Not such a glum send-off

Exit Funeral Services co-owners Gary and Diane Shaw display a peren­dale wool lining destined for a casket. Photo: Shawn McAvinue
Exit Funeral Services co-owners Gary and Diane Shaw display a peren­dale wool lining destined for a casket. Photo: Shawn McAvinue

The latest instalment in a varied career has been the most rewarding, a Dunedin businessman says.

Exit Funeral Services co­owner Gary Shaw, of Saddle Hill, said he bought the funeral services company as a going concern 15 months ago and business was good.

‘‘There’s a whole lot of baby boomers in Dunedin — and I’m one of them — and we’re all just ready to pop off because we didn’t look after ourselves as well as we could.’’
His wife Diane Shaw finished running the mortuary at Dunedin Hospital for the past 20 years to start working full-time at Exit Funeral Services on Wednesday.

‘‘With our backgrounds, we can successfully run the business with just the two of us,’’ Mr Shaw said.

The business would allow them more of a ‘‘lifestyle’’ than his past business ventures in Dunedin such as working as an engineer at Hillside Engineering and owning Shaw’s Demolition Yard and Kitchens for Less.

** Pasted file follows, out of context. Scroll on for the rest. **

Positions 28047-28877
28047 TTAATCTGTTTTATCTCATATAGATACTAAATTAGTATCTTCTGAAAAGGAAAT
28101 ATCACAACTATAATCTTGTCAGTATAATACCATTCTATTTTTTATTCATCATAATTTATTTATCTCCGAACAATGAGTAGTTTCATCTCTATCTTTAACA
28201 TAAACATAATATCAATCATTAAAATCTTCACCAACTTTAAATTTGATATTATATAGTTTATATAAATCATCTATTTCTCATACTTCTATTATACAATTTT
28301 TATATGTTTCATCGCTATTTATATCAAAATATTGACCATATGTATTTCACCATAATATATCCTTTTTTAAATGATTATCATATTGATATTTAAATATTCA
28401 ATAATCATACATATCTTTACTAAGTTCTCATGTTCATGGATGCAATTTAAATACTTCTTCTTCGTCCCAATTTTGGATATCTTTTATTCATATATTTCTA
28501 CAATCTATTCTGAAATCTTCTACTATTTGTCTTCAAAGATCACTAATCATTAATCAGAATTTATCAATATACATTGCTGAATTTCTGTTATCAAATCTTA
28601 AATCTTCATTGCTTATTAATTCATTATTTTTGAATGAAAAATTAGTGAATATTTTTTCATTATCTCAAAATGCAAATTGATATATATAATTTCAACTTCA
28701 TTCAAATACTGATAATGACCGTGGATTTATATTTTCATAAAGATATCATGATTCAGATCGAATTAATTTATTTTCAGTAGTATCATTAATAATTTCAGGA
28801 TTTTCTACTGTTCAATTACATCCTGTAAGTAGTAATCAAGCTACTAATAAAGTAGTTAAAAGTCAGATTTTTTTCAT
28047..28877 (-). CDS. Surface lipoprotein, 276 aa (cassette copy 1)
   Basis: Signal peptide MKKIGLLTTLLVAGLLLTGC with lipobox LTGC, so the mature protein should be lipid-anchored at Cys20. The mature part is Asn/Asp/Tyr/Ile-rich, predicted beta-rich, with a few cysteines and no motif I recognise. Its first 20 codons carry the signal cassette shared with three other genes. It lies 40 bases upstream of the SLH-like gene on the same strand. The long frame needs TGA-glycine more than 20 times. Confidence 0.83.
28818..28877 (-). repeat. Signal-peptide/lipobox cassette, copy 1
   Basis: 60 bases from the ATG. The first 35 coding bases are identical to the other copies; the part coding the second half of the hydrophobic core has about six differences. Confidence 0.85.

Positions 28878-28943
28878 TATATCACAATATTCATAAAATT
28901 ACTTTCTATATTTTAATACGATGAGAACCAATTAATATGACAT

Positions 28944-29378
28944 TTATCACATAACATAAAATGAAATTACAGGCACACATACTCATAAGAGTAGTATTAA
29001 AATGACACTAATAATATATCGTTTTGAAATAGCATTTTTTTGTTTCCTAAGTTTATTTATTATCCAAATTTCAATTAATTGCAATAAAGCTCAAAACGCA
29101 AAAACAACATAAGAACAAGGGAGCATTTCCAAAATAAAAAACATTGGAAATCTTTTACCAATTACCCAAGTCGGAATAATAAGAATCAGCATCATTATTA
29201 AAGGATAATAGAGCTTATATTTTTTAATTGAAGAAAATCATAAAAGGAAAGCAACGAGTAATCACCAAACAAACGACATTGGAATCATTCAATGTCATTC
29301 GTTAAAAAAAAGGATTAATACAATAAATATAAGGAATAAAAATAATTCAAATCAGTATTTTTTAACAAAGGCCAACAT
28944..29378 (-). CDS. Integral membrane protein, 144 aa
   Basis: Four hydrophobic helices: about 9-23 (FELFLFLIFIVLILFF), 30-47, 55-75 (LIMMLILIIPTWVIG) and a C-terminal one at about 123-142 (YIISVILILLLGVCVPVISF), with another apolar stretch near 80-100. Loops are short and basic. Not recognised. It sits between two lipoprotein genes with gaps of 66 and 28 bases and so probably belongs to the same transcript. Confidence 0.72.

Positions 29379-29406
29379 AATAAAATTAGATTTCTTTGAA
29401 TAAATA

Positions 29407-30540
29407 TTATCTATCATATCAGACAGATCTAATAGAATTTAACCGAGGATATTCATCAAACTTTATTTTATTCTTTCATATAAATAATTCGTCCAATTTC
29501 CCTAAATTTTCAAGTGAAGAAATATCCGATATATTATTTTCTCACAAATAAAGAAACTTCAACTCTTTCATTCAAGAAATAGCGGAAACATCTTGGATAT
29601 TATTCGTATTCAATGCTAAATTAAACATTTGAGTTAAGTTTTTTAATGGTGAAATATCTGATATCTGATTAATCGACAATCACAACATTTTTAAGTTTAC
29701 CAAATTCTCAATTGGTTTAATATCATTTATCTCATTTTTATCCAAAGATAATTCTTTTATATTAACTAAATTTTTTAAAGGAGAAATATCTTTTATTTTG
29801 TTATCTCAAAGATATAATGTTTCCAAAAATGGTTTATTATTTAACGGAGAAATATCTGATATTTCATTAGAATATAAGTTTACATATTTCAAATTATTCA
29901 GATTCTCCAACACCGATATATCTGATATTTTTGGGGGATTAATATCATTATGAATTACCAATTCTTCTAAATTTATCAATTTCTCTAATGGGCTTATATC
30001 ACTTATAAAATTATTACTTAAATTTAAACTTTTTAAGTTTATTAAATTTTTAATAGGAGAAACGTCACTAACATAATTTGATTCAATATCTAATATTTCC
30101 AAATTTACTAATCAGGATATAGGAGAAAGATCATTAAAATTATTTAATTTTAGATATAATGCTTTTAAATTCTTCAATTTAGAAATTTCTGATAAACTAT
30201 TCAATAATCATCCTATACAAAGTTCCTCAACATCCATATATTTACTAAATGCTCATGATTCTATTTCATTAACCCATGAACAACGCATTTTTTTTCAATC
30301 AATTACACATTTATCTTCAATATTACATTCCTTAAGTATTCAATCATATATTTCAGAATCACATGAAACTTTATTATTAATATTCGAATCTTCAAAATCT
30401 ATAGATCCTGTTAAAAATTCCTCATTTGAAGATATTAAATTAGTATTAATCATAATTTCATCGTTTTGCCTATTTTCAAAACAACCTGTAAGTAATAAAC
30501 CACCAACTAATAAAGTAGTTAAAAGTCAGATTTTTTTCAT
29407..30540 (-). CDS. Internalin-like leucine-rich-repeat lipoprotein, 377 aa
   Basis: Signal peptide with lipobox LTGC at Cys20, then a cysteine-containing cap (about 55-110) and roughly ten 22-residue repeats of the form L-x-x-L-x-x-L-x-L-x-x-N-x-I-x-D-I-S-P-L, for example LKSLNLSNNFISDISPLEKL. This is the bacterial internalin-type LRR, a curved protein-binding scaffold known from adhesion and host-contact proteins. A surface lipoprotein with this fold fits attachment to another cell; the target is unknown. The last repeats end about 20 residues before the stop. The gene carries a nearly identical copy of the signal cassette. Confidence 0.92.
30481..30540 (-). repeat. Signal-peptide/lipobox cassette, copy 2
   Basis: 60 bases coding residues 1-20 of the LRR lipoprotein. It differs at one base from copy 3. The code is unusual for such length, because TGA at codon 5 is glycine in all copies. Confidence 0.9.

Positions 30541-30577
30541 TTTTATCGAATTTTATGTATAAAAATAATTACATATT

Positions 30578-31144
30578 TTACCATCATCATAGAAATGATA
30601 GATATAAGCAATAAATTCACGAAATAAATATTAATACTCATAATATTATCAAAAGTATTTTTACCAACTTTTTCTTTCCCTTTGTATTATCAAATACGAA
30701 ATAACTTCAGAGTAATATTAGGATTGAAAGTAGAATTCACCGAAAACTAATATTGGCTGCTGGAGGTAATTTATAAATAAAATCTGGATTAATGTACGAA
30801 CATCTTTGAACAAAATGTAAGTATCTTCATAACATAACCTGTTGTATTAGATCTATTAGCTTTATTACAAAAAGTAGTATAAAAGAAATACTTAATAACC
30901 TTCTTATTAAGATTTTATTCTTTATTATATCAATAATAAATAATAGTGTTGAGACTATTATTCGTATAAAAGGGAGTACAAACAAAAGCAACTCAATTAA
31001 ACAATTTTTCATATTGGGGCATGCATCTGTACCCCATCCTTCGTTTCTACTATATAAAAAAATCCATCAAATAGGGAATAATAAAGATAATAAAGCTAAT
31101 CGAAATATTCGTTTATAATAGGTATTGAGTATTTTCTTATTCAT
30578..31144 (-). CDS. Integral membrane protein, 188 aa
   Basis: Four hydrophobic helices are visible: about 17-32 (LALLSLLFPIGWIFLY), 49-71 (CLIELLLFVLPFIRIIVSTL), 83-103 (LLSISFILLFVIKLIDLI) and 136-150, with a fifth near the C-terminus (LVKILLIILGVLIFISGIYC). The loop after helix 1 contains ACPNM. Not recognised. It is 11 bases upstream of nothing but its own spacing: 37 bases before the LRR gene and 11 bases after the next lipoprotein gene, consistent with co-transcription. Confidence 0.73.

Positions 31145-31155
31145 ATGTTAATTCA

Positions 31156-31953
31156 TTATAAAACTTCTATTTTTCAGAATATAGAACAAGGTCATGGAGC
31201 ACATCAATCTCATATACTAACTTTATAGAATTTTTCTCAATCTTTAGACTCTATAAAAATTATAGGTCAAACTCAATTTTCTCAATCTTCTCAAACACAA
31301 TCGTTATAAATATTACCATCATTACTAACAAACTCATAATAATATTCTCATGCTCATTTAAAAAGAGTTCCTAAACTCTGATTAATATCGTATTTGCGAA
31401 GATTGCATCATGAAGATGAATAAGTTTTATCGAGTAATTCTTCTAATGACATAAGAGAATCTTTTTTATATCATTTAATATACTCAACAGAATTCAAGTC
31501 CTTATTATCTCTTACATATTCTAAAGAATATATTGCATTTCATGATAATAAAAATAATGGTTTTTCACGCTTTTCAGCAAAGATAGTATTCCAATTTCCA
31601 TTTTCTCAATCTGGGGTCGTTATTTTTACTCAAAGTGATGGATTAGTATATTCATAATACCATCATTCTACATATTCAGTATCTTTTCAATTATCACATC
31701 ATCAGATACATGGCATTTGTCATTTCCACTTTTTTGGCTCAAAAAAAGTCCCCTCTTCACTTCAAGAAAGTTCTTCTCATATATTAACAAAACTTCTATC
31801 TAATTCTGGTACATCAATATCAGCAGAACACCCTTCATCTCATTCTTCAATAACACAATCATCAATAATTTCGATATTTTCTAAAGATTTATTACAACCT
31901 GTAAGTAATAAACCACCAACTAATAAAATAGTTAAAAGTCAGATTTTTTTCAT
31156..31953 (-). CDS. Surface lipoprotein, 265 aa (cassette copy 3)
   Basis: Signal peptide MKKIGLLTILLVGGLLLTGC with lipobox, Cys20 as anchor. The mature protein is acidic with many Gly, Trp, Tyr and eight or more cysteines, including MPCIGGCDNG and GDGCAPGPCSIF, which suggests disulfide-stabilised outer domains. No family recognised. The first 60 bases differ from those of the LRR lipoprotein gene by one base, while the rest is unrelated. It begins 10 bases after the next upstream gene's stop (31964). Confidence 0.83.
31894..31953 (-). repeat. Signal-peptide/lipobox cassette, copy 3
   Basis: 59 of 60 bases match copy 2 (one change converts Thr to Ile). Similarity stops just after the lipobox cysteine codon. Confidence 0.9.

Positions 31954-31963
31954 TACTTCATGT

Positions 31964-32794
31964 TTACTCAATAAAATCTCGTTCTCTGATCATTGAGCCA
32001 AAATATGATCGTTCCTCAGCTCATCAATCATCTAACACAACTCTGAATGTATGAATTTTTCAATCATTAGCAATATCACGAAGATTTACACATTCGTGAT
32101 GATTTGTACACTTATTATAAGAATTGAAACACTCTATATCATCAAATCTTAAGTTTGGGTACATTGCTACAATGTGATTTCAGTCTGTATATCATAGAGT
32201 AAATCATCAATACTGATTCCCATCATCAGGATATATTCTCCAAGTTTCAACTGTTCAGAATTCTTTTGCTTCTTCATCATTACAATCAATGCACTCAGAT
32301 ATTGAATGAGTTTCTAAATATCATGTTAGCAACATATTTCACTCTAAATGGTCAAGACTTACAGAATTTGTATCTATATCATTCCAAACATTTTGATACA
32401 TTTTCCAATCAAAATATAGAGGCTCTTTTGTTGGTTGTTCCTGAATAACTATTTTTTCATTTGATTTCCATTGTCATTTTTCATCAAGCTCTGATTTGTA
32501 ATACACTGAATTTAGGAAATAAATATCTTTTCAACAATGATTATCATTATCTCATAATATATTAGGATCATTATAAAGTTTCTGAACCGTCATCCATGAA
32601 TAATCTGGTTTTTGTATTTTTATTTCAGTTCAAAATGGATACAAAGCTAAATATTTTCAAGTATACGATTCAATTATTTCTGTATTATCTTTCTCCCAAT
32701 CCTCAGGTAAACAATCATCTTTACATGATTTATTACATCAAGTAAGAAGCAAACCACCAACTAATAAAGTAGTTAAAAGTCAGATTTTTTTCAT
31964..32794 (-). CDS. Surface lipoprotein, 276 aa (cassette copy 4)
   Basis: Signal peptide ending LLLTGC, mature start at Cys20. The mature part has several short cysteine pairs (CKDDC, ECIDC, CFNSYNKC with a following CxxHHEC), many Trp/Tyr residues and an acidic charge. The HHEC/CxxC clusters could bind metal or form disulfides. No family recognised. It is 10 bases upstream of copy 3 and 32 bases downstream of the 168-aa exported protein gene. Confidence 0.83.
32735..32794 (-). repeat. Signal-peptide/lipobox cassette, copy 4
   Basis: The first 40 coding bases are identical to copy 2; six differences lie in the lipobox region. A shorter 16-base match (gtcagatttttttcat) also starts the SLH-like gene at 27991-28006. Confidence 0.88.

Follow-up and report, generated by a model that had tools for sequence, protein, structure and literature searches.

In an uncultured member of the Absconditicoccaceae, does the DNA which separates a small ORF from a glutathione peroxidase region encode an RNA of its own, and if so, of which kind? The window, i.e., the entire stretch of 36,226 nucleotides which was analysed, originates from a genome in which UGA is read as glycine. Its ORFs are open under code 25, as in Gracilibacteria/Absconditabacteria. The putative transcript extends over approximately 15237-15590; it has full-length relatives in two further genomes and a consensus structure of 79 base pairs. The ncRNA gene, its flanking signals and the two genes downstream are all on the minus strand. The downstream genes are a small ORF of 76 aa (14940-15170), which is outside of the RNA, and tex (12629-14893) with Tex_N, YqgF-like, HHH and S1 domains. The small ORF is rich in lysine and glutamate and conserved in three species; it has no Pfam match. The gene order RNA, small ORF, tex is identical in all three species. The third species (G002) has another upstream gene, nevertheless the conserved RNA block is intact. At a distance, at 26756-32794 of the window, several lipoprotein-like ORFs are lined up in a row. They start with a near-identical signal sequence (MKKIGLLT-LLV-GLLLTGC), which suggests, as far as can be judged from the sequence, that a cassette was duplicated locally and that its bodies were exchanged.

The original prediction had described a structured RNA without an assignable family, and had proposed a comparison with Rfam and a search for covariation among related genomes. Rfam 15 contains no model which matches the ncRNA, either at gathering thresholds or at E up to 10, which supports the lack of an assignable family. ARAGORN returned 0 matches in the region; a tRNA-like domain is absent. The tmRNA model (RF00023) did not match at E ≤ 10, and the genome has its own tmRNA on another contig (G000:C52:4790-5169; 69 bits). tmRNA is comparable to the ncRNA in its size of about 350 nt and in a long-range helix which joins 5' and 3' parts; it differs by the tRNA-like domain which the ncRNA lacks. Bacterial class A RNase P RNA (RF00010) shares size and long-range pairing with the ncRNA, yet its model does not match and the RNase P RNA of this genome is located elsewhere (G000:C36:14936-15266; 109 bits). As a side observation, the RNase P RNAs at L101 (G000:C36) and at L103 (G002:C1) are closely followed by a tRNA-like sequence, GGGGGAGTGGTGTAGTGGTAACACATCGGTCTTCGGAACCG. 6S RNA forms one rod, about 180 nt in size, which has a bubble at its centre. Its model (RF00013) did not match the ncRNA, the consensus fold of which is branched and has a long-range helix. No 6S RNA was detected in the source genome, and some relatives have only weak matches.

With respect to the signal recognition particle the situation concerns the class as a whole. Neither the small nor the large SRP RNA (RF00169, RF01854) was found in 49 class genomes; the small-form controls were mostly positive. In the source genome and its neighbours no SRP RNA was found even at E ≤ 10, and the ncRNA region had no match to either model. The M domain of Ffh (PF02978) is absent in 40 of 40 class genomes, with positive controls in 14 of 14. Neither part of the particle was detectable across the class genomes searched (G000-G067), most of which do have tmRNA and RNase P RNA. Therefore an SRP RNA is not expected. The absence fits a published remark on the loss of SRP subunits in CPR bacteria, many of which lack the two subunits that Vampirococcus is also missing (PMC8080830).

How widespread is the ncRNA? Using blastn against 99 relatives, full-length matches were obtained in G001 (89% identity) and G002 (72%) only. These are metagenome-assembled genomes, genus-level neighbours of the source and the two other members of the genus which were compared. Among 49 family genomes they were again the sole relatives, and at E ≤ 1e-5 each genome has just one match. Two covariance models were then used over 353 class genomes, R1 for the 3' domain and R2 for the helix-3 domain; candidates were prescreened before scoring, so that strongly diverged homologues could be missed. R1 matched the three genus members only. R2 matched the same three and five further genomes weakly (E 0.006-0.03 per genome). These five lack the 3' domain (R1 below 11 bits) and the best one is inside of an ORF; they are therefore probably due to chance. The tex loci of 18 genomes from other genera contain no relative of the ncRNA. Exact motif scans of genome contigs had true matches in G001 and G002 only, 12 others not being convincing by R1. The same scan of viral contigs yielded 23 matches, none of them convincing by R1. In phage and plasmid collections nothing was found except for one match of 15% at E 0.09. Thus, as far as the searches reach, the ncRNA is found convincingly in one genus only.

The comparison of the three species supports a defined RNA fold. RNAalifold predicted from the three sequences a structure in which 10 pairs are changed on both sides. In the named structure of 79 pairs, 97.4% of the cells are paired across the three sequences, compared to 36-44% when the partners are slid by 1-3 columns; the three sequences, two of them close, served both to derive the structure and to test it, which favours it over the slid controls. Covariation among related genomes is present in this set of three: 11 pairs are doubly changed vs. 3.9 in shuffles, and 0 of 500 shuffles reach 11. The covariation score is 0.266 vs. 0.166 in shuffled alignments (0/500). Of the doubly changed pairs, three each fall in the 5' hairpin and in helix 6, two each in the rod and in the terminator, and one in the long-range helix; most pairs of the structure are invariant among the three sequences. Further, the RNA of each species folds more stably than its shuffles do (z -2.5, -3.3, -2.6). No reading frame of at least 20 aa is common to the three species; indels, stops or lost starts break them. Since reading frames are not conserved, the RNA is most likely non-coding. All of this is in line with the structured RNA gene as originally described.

He sold the kitchen manufacturing business in South Dunedin three years ago and started a business selling rubber tracks for diggers — Shaw Tracks.

The couple operate Shaw Tracks and Exit Funeral Services from a premises in Buller St, in central Dunedin.

The funeral services business was the most rewarding work he had done.

‘‘You get such a buzz out of it.’’

He recalled an 18-year-old mourner hugging him after a service to thank him for his approach to his business.

‘‘It gives you a furry feeling.’’

The business provided ‘‘cost-effective’’ funeral services, including completing the legal paperwork, transportation, refrigerated storage and dressing of the deceased, making caskets, viewings, cremation and hire of Dunedin City Council chapel at Anderson’s Bay crematorium for the deceased’s loved ones to use.

He made ‘‘eco-friendly’’ caskets from material including plywood, water­based glues and rope.

Often grandchildren had fun drawing pictures on a casket.

‘‘The last memory of their grandparent is having a few laughs.’’

His business model allowed mourners to hold a ‘‘casual’’ ceremony with no set rules — different from a traditional ‘‘glum and matter-of-fact’’ funeral.

‘‘As long as it is legal, respectful and ethical, they can do whatever they like.’’

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